Dhaka, Mar 19: Bangladeshi academician, Mirza Mohammed Azizul Islam hailed the recent visit of Indian President, Pranab Mukherjee, adding that it would strengthen the relations between the two nations.
He also said, “The relationship between India and Bangladesh has always been more or less cordial. Now, the degree of cordiality may differ a little bit from time to time and in fact, you know, very recently, our opposition leader also paid a visit to India. Now, given the sheer necessity imposed by the physical location of the two countries, we should maintain the cordial neighbourly relationship and in that process the visit of the Indian President one would expect that it should have some positive impact.”
“Now as regards the border killings, this again has been on the agenda for several years now and we have seen assurances from many different quarters that the killings will be brought down to zero. But unfortunately that has not happened and so, here again I don’t think that the President’s visit per say will be able to stop this,” he added.
Mukherjee visited Dhaka on Sunday and was presented with second highest civilian award by Bangladesh President Zillur Rahman on Monday for his valuable contribution to the country’s liberation war in 1971.
Islam while talking to the reporters on Monday said that Mukherjee’s visit would have a positive impact on the relations between India and Bangladesh.
Bangladesh became part of Pakistan at the end of British rule in 1947 but broke away in 1971 after a war between Bangladeshi nationalists, who were backed by India, and Pakistani forces that cost 3 million lives.
Some factions opposed independence from Pakistan and prominent among them was the Jamaat-e-Islami party.
The war crimes tribunal recently convicted Jamaat leaders, who were accused of committing atrocities including rape and murder during the conflict, which the party denies.
Islam said that he hoped that steps would be taken to address the issue of killings that are taking place on the India Bangladesh border.
Bangladesh and India in January signed an extradition treaty and struck a deal to relax business visa restrictions between the neighbouring countries.
Recently, there was significant improvement in the trade relations between the two countries. In 2010-11, two-way trade crossed the US$ 5 billion mark as a result of a significant increase in Bangladesh’s exports to India (68 percent over the previous year) and India’s exports to Bangladesh (43 percent over the previous year).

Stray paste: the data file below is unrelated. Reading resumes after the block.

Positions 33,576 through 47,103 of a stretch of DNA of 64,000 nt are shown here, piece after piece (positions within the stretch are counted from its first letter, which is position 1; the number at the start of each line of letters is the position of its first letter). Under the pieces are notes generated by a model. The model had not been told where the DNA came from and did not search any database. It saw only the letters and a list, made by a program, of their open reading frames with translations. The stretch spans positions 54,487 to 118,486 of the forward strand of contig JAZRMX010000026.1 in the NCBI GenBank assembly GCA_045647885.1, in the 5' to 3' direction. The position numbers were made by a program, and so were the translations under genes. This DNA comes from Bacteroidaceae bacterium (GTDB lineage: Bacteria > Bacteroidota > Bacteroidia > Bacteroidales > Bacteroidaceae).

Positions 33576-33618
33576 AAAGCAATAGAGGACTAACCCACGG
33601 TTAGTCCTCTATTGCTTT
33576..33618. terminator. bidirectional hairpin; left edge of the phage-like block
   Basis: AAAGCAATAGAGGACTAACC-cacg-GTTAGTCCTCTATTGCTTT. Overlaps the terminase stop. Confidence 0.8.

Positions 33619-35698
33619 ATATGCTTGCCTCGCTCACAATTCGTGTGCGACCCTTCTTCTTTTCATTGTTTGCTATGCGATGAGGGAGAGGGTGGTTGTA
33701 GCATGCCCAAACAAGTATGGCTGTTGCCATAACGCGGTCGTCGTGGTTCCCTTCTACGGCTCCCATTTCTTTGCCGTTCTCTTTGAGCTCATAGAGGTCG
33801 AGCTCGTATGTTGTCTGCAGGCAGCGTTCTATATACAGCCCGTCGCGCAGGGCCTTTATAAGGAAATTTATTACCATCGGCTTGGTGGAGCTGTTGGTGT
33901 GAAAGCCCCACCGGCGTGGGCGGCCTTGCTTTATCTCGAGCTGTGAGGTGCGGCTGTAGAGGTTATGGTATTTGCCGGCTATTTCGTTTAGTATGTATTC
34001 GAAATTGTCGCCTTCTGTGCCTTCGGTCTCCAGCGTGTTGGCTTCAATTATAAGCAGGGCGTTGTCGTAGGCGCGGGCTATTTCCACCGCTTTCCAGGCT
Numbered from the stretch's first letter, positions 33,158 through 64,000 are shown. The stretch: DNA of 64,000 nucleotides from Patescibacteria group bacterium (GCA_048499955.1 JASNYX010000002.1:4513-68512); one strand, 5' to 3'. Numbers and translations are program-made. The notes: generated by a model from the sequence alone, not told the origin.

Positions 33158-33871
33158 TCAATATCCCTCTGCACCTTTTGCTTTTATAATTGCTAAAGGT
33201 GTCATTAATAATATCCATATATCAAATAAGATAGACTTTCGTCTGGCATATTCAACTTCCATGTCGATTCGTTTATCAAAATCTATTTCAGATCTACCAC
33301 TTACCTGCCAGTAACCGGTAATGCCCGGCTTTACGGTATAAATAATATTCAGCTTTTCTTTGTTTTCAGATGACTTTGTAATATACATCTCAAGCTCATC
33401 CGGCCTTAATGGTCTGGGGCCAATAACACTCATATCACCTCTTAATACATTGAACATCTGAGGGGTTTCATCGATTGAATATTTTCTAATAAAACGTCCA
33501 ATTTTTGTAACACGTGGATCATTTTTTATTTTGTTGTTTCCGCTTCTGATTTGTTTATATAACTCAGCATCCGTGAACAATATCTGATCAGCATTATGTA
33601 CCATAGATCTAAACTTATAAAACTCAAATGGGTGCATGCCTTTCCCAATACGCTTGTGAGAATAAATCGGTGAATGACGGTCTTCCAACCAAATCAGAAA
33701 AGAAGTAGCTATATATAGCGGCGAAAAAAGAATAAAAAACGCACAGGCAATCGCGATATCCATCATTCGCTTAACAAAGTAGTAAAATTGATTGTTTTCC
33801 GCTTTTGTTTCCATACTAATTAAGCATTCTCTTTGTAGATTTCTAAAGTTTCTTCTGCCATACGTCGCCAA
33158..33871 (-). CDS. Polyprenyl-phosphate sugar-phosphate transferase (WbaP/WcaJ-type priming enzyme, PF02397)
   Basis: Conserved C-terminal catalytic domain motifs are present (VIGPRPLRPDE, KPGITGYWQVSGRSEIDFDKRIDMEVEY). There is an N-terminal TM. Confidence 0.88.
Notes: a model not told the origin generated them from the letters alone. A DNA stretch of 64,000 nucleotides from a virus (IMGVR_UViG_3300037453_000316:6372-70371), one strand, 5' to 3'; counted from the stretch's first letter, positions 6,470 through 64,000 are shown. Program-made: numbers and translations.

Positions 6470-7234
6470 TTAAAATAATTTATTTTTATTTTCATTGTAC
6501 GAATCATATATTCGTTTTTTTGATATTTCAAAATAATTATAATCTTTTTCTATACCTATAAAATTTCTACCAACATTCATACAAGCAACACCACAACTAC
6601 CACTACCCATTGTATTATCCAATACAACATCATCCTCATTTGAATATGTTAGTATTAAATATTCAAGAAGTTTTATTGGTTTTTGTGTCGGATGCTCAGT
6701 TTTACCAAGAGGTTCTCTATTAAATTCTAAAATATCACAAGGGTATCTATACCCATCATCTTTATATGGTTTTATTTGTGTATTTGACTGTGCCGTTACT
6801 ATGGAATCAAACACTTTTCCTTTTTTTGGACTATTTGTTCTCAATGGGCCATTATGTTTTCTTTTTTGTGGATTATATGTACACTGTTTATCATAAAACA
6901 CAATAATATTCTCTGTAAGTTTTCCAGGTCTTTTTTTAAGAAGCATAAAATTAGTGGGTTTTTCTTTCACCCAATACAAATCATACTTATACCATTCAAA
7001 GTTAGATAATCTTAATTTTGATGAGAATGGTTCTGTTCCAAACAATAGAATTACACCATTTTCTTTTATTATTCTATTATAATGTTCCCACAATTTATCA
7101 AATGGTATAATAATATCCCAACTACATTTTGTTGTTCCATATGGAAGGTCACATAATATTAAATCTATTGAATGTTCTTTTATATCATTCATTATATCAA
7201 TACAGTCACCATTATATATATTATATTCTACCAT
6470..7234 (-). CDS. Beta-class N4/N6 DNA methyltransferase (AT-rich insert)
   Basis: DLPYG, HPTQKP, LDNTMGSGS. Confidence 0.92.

Currently Bangladesh imports more than $4.0 billion worth of products from India while India import less than $1.0 billion worth of products annually.
Furthermore, traditional economic and cultural links between India and Bangladesh have been greatly enhanced with Prime Minister of Bangladesh, Sheikh Hasina visiting India in January, 2010 followed by a return visit by Prime Minister Dr. Manmohan Singh in September 2011.
On the issue of trade imbalance, Islam said he was worried about the impact of the global economy on Bangladesh.
“I am not generally worried about bilateral trade imbalances. What matters is the global scenario that means whether overall in my trade with the rest of the world including India whether we are running at surplus or trade deficit. But even there again trade deficit in itself is not something bad because when I import I get access to real resources,” Islam also said.
Taking into account the trade imbalance between the two countries in favour of India, Singh during his visit to Bangladesh had announced the removal of all 46-textile items from the sensitive list and zero duty access in all these 46 items for Bangladesh exports to India.
Bangladesh’s exports to India in 2010-11 were $ 512.5 million, and India’s exports to Bangladesh in the same period were US$ 4586.8 million. India is the biggest export destination for Bangladesh outside the Western world.
Tariff concessions granted by India to Bangladesh under SAFTA (South Asian Free Trade Area) (as SAARC LDC) include a zero-duty market access for all, but 480 items in the sensitive list. India had further increased the duty-free access to 10 million pieces of readymade garments (RMG) from Bangladesh every year.
India is upgrading seven main borders Land Customs Stations (LCS) as Integrated Check Posts (ICPs) at a total cost of rupees 467 crores (rupees 4.67 billion). ICPs will have facilities for immigration, customs, parking, banks, warehousing, quarantine, fuelling etc.
The measure will help improve trade with Bangladesh across West Bengal, Assam, Meghalaya, Tripura and Mizoram.
Bilateral investment will be facilitated by the recent conclusion of the ‘Bilateral Investment Protection and Promotion Agreement’ and ‘Convention for the Avoidance of Double Taxation’ between the two countries.
It is hoped that Bangladesh investments in India will increase with easing of local currency transfer restrictions.
Given the geographical proximity, warm and friendly ties, availability of workforce and investment-supportive atmosphere, the quantum of Indian investment and trade with Bangladesh is further expected to improve for mutual benefit. (ANI)